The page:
Weird Science: Surgery’s Avant Garde–Color Coded Tumors

Gooitzen Van Dam at the University of Gonnigen makes his tumors glow.

Don’t tell me: the avant garde is at it again? They’ve come up with a ghoulish mashup between art and health?

No and no. We’re talking about a technique that marks the periphery of a cancer mass so surgeons can tell where the tumor ends and normal tissue begins. Differentiating between the two is an iffy process at best. I imagine surgeons try to err on the side of caution and take more tissue than what they need to. Even then they’re never sure and some cancer probably gets left behind. This new technique will color code the tumor cells for easy identification.

Not actually color code them, but make them fluoresce, light up brightly, shine in the night.

Here’s how it works: A few hours before surgery for ovarian cancer, the patient is intravenously fed a solution containing fluorescent-marked folate, more specifically: Folate-Receptor-alpha-targeted fluoerescent agent.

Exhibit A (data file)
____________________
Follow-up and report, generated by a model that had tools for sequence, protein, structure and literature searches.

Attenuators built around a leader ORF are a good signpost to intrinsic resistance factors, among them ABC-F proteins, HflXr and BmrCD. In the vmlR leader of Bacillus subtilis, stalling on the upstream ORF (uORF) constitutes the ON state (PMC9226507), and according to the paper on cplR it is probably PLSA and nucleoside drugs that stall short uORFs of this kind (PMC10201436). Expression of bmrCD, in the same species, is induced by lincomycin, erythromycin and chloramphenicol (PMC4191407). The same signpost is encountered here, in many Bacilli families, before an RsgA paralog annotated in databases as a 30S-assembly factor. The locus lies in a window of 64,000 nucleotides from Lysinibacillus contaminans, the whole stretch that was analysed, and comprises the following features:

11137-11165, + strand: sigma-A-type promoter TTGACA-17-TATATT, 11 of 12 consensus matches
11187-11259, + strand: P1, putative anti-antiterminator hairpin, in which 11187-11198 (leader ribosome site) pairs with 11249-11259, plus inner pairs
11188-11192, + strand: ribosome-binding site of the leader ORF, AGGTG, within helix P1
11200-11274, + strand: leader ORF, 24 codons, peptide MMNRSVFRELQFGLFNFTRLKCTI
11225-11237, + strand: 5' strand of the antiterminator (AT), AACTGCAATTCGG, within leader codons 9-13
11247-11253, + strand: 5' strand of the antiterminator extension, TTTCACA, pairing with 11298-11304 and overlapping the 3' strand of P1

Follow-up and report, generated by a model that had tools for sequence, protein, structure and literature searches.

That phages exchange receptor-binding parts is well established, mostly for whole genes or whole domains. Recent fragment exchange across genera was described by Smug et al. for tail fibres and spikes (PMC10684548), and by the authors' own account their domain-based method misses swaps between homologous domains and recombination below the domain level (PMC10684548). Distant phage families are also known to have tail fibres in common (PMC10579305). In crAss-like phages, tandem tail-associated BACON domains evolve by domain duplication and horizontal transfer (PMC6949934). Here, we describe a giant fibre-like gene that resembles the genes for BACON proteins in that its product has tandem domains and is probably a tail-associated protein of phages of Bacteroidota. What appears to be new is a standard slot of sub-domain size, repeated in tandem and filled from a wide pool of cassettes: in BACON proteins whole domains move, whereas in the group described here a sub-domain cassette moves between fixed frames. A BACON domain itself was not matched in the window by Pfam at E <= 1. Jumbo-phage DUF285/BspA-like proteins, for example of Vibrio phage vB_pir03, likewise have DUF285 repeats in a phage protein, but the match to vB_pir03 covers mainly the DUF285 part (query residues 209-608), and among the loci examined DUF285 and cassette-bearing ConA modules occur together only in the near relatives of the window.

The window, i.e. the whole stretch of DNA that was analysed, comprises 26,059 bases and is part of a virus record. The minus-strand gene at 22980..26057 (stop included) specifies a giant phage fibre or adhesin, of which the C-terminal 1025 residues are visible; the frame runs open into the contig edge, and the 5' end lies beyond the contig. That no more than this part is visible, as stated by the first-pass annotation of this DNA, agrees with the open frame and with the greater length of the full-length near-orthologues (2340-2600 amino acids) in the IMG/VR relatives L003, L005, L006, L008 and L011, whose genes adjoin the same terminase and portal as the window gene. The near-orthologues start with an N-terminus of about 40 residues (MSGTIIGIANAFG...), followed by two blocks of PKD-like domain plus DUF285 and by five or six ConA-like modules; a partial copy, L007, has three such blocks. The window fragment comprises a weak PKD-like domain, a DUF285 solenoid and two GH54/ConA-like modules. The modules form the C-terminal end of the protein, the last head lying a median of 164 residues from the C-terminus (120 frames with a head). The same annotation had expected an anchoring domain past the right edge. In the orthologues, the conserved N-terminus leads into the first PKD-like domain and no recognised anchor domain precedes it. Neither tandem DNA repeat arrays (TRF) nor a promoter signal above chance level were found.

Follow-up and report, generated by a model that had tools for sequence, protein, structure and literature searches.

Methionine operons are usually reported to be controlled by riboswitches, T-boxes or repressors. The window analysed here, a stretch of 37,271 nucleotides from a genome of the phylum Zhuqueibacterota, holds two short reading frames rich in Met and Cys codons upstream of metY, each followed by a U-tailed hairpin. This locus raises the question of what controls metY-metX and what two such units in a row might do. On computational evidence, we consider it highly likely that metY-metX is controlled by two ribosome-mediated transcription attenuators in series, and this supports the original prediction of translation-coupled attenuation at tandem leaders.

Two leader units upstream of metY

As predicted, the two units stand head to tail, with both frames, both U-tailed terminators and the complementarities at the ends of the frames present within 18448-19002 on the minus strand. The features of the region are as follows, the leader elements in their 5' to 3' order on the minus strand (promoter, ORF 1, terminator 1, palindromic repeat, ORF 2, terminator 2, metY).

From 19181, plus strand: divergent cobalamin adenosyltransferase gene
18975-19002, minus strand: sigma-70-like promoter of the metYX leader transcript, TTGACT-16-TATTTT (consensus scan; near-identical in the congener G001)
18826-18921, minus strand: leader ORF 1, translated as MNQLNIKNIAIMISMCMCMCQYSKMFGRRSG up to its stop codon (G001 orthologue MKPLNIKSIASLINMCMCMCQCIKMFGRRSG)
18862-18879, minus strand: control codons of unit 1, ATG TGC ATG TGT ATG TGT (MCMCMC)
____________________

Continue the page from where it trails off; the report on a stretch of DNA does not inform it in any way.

The surface of ovarian cancer cells apparently over-express for folate. According to Merriam-Webster, genes over-express by producing too much of the gene’s effect or product. So in the case of folate and ovarian cancer cells, I guess the genes in the cancer cells sweep up the excess folate in the system from the intravenous drip and deposit the folate products near the surface of the cancer cells. Since the folate molecules from the drip are tagged with a fluorescent dye, these cells glow with the oncological equivalent of an x-marks-the-spot sign.

If you’re not too squeamish, watch the amazing video.

Here’s hoping they find the folate equivalent for every type of cancer’s over-expression.

Of course it’s better to prevent cancer in the first place, but barring a miracle that produces a chemical-, x-ray-, cosmic background-, and free-radical-free existence, cancer’s going to be around for some time to come. Bring on the avant garde.

Thanks for reading.

Sue Lange

Check out Sue Lange’s latest novel, Tritcheon Hash, “a wild good read.”

This essay was posted on December 24, 2011 at the Singularity Watch blog.

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